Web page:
Others didn’t even bother mentioning cities or local issues:

Creating a Viable 3rd Party


And my favorite?

Make the public aware of City2.0 [sic]

In order for this to become a reality local residents need to be made aware of The Wish.

Umm, guys, you realize anybody can read this, right?

You know how you feel when you see someone do something embarrassing and you feel embarrassed for them? That’s how I felt for The City 2.0.

Well, the TED people aren’t idiots. They know a failed venture when they see one, so they quietly pulled the plug on “The City 2.0” and rolled out… “The City 2.0”. The, um, 2.0 version of the site scrapped the map and didn’t show people’s submissions, because, like, some people’s ideas are totally lame and we don’t want that messing up our snazzy website we dropped a lot of coin on. In it’s place were “stories” that were selected by TED along with random urbanist links. That’s, like, totally better.

Did you know that October 13 was TEDxCity2.0 Day? Neither did I, and one of the supposed TEDxCity2.0 events was in Boston, just two miles from where I live. It had people talking about leadership and Mars and poetry and financial markets and communication and aerodynamics and mind reading but it didn’t have anyone talking about cities. Huh.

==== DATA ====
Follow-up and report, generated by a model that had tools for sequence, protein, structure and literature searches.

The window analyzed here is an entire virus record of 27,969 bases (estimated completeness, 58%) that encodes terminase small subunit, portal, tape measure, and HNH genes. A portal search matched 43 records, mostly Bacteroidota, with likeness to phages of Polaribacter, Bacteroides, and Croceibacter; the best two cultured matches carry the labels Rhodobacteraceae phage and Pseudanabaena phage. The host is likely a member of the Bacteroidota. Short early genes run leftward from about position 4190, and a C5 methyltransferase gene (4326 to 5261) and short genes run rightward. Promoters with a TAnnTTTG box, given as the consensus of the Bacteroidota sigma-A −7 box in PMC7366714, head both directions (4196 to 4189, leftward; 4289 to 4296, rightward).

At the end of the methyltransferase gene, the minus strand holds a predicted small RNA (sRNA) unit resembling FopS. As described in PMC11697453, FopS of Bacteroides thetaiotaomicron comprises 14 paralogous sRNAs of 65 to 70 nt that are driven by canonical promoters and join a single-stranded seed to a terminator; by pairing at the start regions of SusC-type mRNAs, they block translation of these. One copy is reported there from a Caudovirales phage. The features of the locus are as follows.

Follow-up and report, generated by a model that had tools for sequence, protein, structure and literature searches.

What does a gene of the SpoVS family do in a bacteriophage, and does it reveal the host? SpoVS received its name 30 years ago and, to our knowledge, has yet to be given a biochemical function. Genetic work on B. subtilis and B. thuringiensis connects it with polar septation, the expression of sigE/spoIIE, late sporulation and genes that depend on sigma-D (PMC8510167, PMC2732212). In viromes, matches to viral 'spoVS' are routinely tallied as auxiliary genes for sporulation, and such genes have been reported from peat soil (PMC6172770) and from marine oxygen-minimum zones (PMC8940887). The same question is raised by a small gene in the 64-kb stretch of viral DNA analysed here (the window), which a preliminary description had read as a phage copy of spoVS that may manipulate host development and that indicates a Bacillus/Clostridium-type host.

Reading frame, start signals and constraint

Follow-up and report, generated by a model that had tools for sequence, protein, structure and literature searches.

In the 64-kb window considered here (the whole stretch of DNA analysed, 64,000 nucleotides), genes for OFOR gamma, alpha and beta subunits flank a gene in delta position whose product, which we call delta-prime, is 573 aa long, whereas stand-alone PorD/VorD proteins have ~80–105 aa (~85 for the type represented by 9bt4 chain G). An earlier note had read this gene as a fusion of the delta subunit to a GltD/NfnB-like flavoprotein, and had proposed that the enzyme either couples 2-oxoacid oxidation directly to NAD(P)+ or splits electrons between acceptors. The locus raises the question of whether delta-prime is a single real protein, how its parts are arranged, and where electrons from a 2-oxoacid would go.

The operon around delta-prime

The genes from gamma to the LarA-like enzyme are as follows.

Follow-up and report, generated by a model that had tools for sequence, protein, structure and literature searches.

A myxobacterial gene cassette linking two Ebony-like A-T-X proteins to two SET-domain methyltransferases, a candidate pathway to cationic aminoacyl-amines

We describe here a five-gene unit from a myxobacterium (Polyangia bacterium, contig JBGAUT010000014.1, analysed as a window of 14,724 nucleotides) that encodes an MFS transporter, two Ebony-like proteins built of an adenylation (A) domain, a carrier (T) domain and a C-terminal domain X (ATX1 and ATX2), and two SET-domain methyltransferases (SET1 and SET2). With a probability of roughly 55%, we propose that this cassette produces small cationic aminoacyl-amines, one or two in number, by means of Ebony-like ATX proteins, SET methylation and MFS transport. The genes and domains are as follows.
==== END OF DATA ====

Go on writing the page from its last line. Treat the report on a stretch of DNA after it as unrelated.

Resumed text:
To date, TED has awarded eight of its ten prizes, five of which were given to projects that had already existed before The City 2.0 got all spendy. That’s not to say the winners don’t deserve it—they’re great projects—but it’s not exactly the crowdsourced, spontaneous wonderland what TED led us to believe The City 2.0 would be about. Two more are supposed to be awarded in November and December. It’s December already.

One of the things that upsets me about The City 2.0 isn’t that it was a half-baked idea with a sucky website that dozens of other organizations were already doing way better. Or that it was a transparent marketing ploy meant to draw more attention to TED than to the issue. Or that there was absolutely zero transparency about how winners were going to be selected despite pandering to the “crowd” and its infinite wisdom. No, what gets me is that so many people bought into it. ArchDaily ran such a breathless piece that I almost mistook it for a press release. The Atlantic Cities ran a laudatory article. Inhabitat, too.